Cell-phone use linked to male infertility
Heavy use of a cell phone may damage semen quality, according to a large Cleveland Clinic study presented at the American Society of Reproductive Medicine meeting in New Orleans.
During the year ending October 2005, doctors tested 361 infertile men, median age 32 years. Participants were divided into four groups according to cell-phone usage, ranging from zero to at least four hours per day. The investigators found that sperm count, motility, viability, and normal morphology decreased with increased use of the phones. Patients who used a cell phone for more than four hours a day had the greatest decrease in sperm count, total motility, percentage normal morphology, and viability. The researchers say the findings were statistically significant.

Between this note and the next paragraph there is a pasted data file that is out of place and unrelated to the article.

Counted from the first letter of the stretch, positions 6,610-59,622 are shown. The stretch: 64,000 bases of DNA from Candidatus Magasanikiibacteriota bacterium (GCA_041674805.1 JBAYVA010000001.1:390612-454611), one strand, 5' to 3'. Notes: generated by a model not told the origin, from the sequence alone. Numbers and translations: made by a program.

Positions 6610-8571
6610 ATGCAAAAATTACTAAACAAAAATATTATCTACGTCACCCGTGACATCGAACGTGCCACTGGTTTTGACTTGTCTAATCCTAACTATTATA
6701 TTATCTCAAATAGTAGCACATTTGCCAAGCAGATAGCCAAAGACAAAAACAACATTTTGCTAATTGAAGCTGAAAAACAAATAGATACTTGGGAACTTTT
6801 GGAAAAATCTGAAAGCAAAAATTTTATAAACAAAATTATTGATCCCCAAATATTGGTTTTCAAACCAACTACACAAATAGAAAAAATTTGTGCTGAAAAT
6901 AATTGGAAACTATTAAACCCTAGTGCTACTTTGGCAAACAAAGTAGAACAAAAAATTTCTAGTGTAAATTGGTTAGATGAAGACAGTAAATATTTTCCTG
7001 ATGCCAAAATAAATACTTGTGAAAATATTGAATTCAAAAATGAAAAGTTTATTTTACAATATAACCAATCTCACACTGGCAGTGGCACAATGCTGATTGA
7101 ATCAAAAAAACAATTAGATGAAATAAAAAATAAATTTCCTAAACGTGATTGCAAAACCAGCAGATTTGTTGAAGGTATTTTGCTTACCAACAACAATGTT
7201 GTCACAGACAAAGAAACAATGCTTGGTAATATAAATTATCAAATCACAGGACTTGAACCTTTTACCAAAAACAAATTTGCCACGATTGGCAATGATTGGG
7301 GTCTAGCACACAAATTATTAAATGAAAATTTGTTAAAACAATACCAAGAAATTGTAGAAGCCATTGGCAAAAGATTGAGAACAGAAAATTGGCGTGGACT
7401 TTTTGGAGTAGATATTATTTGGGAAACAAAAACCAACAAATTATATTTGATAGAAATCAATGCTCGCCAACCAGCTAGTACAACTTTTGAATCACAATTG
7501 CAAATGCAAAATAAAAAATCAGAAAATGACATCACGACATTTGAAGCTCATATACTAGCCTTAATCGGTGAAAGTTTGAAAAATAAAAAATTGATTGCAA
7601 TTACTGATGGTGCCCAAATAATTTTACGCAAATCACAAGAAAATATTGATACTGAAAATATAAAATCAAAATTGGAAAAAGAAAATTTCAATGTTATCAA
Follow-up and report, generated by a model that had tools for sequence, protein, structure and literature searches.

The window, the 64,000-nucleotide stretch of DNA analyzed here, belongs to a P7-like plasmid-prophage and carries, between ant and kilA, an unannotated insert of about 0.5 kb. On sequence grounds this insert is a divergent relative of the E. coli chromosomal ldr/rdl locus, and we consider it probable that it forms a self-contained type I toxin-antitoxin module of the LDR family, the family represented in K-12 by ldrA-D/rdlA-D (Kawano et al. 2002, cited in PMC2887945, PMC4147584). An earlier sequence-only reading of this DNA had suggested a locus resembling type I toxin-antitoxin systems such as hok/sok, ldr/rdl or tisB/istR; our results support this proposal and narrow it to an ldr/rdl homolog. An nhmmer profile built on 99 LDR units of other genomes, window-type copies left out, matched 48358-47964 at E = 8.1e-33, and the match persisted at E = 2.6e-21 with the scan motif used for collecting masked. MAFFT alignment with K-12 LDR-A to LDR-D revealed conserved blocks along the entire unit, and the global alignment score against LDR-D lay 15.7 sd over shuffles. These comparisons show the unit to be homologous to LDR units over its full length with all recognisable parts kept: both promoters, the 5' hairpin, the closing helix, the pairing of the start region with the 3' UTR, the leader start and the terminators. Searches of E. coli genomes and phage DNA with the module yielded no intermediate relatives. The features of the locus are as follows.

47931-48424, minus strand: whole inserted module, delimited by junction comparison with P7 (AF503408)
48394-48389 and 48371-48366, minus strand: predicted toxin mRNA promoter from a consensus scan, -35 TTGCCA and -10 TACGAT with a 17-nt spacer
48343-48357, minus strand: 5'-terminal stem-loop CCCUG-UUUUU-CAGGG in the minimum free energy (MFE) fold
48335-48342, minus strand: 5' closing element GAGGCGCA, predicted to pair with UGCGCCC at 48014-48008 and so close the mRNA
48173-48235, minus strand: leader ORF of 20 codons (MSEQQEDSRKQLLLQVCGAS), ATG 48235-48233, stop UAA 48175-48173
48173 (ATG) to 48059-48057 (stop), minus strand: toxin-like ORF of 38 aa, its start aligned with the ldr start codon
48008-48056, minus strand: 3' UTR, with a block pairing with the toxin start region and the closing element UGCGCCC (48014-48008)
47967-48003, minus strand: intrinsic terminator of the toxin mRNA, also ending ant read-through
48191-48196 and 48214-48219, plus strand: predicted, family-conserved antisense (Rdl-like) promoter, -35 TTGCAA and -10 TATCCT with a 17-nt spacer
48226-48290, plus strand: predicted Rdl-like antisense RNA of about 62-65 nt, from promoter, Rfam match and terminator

“We think there may be several things going on,” says lead investigator Ashok Agarwal, PhD, director of research of The Cleveland Clinic Foundation’s Reproductive Research Center. “It may not just be the electromagnetic waves affecting spermatogenesis. There may also be an increase in temperature because of the absorption of the waves by the tissues around the testes.” Dr. Agarwal cautions that the findings are preliminary, so it is too soon to tell concerned men not to use cell phones. Also, the study did not account for electromagnetic waves from radio towers, laptop computers, and other electronic devices.
This is not the first study, however, to show potential harmful effects from cell phones. One found that electromagnetic waves alter and disturb sleep, and another showed cell phones increased BP. Other investigators have also linked electromagnetic waves to DNA-strand breaks, headaches, fatigue, difficulty in concentration, and reduction in melatonin. Dr. Agarwal said a decrease in melatonin can predispose sperm to oxidative stress.